RELIGIOUS LEADERS ASK MEETING WITH PRESIDENT BUSH ON ENVIRONMENT
March 30, 2001, NEW YORK CITY Six senior Christian and Jewish religious leaders have written to President George W. Bush, asking for a meeting with him about his environmental policy, especially around issues of climate change.
"We reach out as senior leaders of major American faith communities eager to discuss with you a challenge of paramount religious significance: the condition of Gods creation at the hands of Gods children, the climate of planet Earth as being altered by the activity of Gods people," they wrote.
"In recent days," they continued, "we have been reading reports of what the administration is not prepared to do to address climate change. We are eager to learn what our government will enact here: in a credible, binding program to honor international commitments, successfully prevent destructive impacts on humankind and habitat, and embody equity." The full text of their letter follows.
March 29, 2001
President George W. Bush
The White House
1600 Pennsylvania Avenue
Washington, DC 20500
Dear Mr. President:
We reach out as senior leaders of major American faith communities eager to discuss with you a challenge of paramount religious significance: the condition of God's creation at the hands of God's children, the climate of planet Earth as being altered by the activity of the Earth's people.
Many of us have carefully followed the inquiry into climate change and global warming. While we interact with them regularly, we are not scientists, policy-makers, leaders within the economic sector, or architects of global treaties. We do not comment on complex data or technological responses. Nor do we wish to encourage narrow partisanship about an issue which so clearly affects the well-being of all humankind.
We believe there is a point, however, at which scientific consensus is sufficiently established to require consideration of long-standing religious and moral principles of prudence and precaution. If credible evidence exists to indicate our present course could threaten the quality of life for God's creation and God's children, this becomes an issue of paramount moral concern.
We are persuaded that this point of prudence is now upon us. Projected impacts of global warming on the most poor and vulnerable are ethically unacceptable. Domestic and international action is urgently required. The United States has a moral responsibility to lead the world's nations and to serve its people. In recent days, we have been reading reports of what the administration is not prepared to do to address climate change. We are eager to learn what our government will enact here: in a credible, binding program to honor international commitments, successfully prevent destructive impacts on humankind and habitat, and embody equity.
Our scriptures are plain about the religious dimension of this challenge. When it is all creation on Earth that is being affected, we freshly appreciate the principle that, "The Earth is the Lord's." (Ps.24:1) Our climate and seasons are God's handicraft, "Yours is the day. Yours is also the night. You made summer and winter." (Ps. 74:16-17) All life is embraced by God's covenant and with particular instructions regarding our children and children's children. "This is the token of the covenant which I make between me and you and every living creature that is with you, for perpetual generations." (Gen. 9:12)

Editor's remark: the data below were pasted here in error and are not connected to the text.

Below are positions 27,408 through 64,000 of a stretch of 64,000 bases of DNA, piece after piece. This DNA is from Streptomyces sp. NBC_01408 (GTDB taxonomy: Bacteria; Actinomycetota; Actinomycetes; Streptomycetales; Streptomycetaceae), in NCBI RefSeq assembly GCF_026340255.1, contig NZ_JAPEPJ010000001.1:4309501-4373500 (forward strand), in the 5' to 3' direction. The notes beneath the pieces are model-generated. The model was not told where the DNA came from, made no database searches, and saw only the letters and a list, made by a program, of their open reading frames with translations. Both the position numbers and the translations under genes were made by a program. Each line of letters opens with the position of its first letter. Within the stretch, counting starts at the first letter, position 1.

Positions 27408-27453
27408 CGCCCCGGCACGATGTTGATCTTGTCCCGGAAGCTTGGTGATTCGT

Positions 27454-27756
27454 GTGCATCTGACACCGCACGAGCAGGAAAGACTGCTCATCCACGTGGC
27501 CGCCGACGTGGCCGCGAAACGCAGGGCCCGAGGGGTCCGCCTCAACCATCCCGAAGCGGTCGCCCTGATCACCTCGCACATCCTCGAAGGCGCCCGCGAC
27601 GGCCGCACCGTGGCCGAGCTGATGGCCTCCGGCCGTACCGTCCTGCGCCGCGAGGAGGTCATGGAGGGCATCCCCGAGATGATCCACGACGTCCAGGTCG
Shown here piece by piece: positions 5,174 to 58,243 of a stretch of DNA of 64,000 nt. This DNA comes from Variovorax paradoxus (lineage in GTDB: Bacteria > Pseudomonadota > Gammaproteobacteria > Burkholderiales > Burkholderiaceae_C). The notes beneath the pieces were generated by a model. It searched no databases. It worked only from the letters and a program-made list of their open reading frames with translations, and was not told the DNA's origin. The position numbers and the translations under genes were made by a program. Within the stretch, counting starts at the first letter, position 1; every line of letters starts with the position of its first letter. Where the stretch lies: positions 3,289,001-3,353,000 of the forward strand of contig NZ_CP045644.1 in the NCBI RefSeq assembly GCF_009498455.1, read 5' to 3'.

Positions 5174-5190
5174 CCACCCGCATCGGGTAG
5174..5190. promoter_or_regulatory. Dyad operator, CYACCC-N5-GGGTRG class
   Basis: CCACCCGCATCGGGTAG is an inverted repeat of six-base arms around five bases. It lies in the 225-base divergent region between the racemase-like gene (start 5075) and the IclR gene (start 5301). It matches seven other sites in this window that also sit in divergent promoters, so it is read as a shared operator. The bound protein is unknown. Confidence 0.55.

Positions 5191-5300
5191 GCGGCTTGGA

Because human purpose in the greater web of life is a central issue here, this inquiry is expanding beyond the laboratories of science and the halls of diplomacy to the pulpits and pews of the American heartland. We believe you should be aware that many of our denominations have passed resolutions on climate change and that local activity is growing in churches and synagogues across a broad spectrum of religious life. We can confirm what EPA Administrator Whitman reported to you on March 6th: "For the first time, the world's religious communities have started to engage in the issue." And while there are diverse perspectives on policy, many still evolving, it is our view that this activity will grow exponentially, from genuine religious and moral conviction.
We in the faith community are in a process of open dialogue and inquiry here. We are heartened by your early commitment to civil, moderate, bipartisan dialogue and, particularly, by your willingness to hear the voice of the faith community. We hope you will follow this path on the issue of climate change. We are eager to meet with you for further reflection, perhaps in a small gathering in June.
Meanwhile, we believe an historic challenge is before us all here, foreseen by our scriptures, and freshly vivid in these signs of the times, "I have set before you life or death, blessings or curse. Choose life, therefore, that you and your descendants may live." (Dt. 30:19)
Chancellor, Jewish Theological Seminary
Dr. Bob Edgar
National Council of the Churches of Christ in the USA
The Reverend Clifton Kirkpatrick
Presbyterian Church (USA)
Bishop Melvin G. Talbert
Senior Ecumenical Officer, United Methodist Church
The Reverend Richard L. Hamm
General Minister and President
Christian Church (Disciples of Christ)
Bishop McKinley Young
Bishop of the Tenth Episcopal District
African Methodist Episcopal Church
cc: Christine T. Whitman, Paul ONeal, Colin Powell
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